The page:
May 29, 2024

Volcano in Iceland: Eruption has started on Reykjanes peninsula

A new volcanic / fissure eruption began on May 29, 2024, northeast of Sýlingarfell, marking the fifth eruption since December 2023.

Cover photo by Almannavarnir


  • Air traffic to and from Iceland is unaffected; all flights are on schedule.
  • The eruption is localized, causing only road closures near the site without posing a threat to people.
  • Services in Iceland continue as usual.
  • The Icelandic Meteorological Office and other agencies closely monitor the situation.

All Icelandic airports remain open, and flights to Iceland are operating on schedule. The impact of these fissure volcanic eruptions is limited to specific areas near the eruption site. Previous eruptions on the Reykjanes Peninsula have not disrupted air travel to and from Iceland.


Iceland’s volcanic activity is under continuous surveillance by a global team of geoscientists. With advanced monitoring systems, the Icelandic Meteorological Office, the Department of Civil Protection and Emergency Management, and scientists from the University of Iceland ensure thorough preparedness. Their priority is maintaining safety, ensuring daily life and tourism in Iceland proceed smoothly. For detailed insights, Dr. Matthew Roberts from the Icelandic Meteorological Office provides informative updates on recent volcanic activities and their implications.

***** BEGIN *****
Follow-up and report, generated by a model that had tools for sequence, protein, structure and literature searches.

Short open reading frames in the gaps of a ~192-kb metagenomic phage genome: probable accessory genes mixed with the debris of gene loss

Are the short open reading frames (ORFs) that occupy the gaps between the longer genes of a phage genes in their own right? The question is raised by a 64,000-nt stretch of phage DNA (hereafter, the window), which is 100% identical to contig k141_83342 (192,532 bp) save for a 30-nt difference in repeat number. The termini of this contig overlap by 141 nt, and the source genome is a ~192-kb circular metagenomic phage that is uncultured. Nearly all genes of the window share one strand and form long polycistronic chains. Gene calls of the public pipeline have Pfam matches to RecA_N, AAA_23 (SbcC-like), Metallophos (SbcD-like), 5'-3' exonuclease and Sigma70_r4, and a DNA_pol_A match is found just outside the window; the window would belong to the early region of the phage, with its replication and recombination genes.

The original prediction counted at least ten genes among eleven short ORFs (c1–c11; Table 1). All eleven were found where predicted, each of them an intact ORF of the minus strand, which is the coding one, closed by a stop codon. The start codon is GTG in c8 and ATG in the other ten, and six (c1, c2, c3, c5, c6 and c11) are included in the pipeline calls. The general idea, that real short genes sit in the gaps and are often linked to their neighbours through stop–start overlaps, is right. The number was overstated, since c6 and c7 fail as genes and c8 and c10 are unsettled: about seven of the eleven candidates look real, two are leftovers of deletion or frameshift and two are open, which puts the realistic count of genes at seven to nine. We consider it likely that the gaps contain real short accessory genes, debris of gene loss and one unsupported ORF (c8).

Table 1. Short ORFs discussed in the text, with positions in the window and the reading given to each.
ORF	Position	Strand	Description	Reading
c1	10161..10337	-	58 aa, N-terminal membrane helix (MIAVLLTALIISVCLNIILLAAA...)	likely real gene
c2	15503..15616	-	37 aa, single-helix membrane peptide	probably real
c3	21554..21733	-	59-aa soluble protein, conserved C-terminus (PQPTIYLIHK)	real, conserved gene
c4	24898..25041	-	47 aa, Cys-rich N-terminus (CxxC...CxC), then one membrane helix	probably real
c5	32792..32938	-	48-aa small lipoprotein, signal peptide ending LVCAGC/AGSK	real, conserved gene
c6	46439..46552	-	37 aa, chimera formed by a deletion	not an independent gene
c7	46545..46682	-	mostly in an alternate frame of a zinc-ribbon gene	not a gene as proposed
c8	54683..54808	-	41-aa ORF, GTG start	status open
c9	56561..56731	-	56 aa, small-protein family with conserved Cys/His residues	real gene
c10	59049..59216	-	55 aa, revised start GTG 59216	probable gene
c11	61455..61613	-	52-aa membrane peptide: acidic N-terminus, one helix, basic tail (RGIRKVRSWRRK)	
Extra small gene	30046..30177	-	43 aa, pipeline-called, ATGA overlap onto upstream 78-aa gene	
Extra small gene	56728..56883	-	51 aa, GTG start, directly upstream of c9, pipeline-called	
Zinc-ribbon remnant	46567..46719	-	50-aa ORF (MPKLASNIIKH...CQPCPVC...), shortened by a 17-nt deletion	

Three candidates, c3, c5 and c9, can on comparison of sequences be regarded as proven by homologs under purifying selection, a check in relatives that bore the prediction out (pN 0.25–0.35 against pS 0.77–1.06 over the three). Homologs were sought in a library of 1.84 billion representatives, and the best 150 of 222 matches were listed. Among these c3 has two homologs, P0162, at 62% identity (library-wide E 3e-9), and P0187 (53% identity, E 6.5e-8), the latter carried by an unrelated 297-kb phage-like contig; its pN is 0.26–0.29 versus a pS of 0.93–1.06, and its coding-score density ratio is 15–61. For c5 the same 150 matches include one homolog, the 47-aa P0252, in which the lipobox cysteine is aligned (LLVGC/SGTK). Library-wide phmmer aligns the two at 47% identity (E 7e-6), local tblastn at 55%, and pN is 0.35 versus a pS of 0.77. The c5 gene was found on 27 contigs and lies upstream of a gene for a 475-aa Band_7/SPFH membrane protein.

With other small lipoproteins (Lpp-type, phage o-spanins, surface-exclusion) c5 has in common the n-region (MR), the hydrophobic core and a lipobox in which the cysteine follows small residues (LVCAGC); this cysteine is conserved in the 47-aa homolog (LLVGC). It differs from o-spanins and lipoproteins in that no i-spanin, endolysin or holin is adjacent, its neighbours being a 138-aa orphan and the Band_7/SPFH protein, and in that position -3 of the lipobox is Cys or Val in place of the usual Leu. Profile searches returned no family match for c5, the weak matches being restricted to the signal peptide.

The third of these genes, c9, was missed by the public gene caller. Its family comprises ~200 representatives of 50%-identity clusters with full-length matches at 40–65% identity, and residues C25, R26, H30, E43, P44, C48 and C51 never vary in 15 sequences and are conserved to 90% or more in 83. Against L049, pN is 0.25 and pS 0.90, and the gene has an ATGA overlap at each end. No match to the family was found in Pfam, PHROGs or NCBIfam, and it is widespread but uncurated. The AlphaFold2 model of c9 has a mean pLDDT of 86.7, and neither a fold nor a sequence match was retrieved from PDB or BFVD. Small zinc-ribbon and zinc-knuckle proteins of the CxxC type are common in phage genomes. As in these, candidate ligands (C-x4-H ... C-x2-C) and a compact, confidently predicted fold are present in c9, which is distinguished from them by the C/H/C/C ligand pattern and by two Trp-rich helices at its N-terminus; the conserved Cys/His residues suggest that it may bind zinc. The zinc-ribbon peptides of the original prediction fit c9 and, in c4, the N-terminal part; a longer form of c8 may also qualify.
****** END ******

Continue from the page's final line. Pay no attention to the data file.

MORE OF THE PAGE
Since October last year, increased geophysical activity near Grindavík has led to repeated volcanic eruptions. The town has experienced evacuations since November 10th to ensure resident safety. Currently, the eruption poses no immediate threat to people, and no further evacuations are needed.

Iceland, familiar with volcanic events, has seen three previous eruptions in the area (2021, 2022, and 2023). The country is well-prepared with advanced protocols and experienced geoscientists managing the activity.

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